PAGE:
Roman Catholic hierarchy who will not sign New York City Executive Order 50, which would force the church to hire homosexuals or else possibly forfeit its city contracts (the church has $76 million [U.S.] in city contracts for such things as child-care agencies and homemaker services), tax-exempt status or whatever weapon a powerful state can muster.

A church spokesman explained that the archdiocese does not ordinarily discriminate against homosexuals or anyone else in hiring, but Archbishop John J. O’Connor would not sign the executive order because to do so would be equivalent to condoning homosexuality and thus violate Christian teachings.

The archdiocese, in my opinion, is damn right.

As the marchers passed St. Patrick’s Cathedral on Fifth Avenue, one sign was flashed that read “The Lord is my shepherd and He knows I am gay.” But that does not address the central point: does the Lord like it?

It is of some importance to understand that there is a human right, whether for individual human beings or

for a person who defines himself as a faithful Roman Catholic, a fundamental Christian, a Sikh or a Protestant, to have discriminatory views on a number of subjects from homosexuality to the sanctity of marriage according to religious beliefs. That right—to discriminate and to hold those beliefs and act upon them—is a basic human right. It is the right of national or ethnic self-definition. It is what liberalism is all about. The minute you outlaw some basic moral judgments, as we have in Canada under our human rights legislation, simply because they run counter to the creed of liberalism, you are doing a very curious thing. Liberalism is elevated to a state religion, which is antithetical to its very nature.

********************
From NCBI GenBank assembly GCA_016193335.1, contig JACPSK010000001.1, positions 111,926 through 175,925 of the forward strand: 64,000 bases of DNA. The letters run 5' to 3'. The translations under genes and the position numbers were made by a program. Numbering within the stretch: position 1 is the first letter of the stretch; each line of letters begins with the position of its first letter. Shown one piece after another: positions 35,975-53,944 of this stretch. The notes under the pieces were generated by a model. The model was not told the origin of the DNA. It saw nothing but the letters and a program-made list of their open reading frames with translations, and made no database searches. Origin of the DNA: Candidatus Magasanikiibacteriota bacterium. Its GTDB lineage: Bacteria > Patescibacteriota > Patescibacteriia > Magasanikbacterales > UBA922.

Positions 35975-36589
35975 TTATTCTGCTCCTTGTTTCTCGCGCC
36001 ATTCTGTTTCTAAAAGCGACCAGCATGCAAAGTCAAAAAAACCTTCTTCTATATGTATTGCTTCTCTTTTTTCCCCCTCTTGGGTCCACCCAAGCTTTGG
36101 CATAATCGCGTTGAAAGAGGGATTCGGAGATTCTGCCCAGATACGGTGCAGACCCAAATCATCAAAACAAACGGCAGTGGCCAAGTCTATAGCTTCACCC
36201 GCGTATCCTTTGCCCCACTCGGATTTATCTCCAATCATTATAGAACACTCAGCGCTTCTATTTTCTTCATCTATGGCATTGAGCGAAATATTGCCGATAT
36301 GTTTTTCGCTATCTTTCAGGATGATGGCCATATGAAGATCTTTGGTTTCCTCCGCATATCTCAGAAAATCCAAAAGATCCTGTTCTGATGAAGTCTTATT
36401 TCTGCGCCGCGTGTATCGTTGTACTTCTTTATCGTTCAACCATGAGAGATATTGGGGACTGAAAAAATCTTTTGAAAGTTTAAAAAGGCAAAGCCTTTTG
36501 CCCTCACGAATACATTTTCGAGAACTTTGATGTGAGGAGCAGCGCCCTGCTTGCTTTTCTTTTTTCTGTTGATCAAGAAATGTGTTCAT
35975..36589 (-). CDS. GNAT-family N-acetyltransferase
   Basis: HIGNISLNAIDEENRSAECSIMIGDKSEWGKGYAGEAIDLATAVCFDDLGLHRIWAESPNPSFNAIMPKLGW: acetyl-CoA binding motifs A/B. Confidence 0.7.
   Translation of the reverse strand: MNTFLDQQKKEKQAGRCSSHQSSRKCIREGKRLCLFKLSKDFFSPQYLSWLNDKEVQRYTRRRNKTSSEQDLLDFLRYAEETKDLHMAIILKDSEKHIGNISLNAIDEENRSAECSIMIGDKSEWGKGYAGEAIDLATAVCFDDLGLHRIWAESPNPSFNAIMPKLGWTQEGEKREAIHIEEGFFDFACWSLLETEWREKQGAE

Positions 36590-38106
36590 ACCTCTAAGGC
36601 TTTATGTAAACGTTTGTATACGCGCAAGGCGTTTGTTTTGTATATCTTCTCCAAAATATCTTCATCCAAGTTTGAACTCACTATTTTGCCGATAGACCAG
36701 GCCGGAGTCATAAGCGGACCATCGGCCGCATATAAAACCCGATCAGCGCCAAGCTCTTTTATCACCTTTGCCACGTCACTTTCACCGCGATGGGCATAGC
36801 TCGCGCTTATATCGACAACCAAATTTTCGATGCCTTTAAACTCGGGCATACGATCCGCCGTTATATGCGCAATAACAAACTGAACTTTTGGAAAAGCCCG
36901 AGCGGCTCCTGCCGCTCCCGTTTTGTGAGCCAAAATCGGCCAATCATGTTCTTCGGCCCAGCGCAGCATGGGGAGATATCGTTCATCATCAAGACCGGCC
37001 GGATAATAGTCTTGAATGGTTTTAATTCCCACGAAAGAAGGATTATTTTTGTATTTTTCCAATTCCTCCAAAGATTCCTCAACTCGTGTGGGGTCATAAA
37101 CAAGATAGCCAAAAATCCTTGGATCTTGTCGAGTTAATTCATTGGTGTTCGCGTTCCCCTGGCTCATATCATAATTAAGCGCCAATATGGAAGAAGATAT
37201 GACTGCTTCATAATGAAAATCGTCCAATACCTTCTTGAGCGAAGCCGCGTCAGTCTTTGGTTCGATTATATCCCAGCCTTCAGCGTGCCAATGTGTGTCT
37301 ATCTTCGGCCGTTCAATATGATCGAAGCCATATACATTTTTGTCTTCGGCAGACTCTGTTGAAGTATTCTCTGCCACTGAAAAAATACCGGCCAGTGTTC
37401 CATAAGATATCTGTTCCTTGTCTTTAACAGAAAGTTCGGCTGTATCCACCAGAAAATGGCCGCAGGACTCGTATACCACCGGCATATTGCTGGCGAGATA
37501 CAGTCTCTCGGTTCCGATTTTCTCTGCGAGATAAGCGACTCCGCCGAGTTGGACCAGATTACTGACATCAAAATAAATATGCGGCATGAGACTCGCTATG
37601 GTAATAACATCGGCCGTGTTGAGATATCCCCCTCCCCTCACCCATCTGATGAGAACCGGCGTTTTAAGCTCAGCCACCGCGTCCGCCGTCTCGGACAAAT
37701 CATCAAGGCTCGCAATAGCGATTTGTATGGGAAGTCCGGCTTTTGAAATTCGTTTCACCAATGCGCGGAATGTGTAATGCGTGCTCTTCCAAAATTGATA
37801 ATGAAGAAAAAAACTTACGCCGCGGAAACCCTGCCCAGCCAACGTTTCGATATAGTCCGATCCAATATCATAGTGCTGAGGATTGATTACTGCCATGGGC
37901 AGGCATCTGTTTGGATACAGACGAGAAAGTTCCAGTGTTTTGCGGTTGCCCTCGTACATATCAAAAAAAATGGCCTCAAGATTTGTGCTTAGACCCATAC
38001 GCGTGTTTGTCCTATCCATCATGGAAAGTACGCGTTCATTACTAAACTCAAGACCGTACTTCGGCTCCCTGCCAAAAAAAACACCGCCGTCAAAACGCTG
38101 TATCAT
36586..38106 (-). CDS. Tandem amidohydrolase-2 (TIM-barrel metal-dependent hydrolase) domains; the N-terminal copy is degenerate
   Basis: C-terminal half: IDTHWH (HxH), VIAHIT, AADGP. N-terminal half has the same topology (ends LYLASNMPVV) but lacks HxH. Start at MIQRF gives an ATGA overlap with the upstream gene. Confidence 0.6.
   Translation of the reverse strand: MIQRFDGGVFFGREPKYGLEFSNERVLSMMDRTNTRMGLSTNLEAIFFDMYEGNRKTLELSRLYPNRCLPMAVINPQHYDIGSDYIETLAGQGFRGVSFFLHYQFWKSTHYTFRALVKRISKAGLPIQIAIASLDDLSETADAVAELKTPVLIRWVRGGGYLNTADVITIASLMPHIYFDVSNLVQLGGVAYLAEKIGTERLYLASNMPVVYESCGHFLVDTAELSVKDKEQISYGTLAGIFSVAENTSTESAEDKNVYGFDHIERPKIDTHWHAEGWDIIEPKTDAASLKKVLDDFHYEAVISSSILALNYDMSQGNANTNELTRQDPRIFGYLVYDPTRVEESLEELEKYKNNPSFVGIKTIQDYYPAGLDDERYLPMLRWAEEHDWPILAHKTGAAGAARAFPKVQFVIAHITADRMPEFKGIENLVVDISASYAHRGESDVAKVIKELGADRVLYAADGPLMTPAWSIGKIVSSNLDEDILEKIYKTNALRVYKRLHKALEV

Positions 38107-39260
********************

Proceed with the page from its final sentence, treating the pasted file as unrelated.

For those of us who are worried about preserving freedom in this land—and I still think that there are enough of us to make a difference—there are two basic points to make. First, that in such a case as the status of Indian women, which belongs in the grey area of ethnic selfdefinition, the government should stay away from passing any legislation and let the group change, if it will, according to its own schedule.

And secondly that, while I think my creed of liberalism is njorally and philosophically the soundest creed, our country is still supposed to be one of diverse democratic beliefs. People ought to be allowed to be conservatives. They ought to be able to make their own moral judgments. The antidiscrimination laws of some provinces may demand that citizens cannot legally discriminate on the basis of mental illness, criminal record or sexual orientation, but that is illiberal. If hiring someone, I, for one, intend to have the right to ask the person about his criminal record and, if he has one, to make further inquiries. Let the Province of Ontario arrest me, if it dares.

The Gay Pride March in New York was not really about rights, of course. Homosexuals in that parade were more interested in getting approval for their lifestyle. Which is understandable, but too expensive if it is at the cost of legislating against someone else’s beliefs. According to The New York Times, at the corner of 57th Street and Fifth Avenue, Laura and Irwin Enteen of Plainview, L.I., were standing with a sign, “We love our lesbian daughter.” With them was their daughter, Riva. “We want to give support to the marchers,” Laura Enteen said. “It makes them feel good.” I guess everyone likes a parade.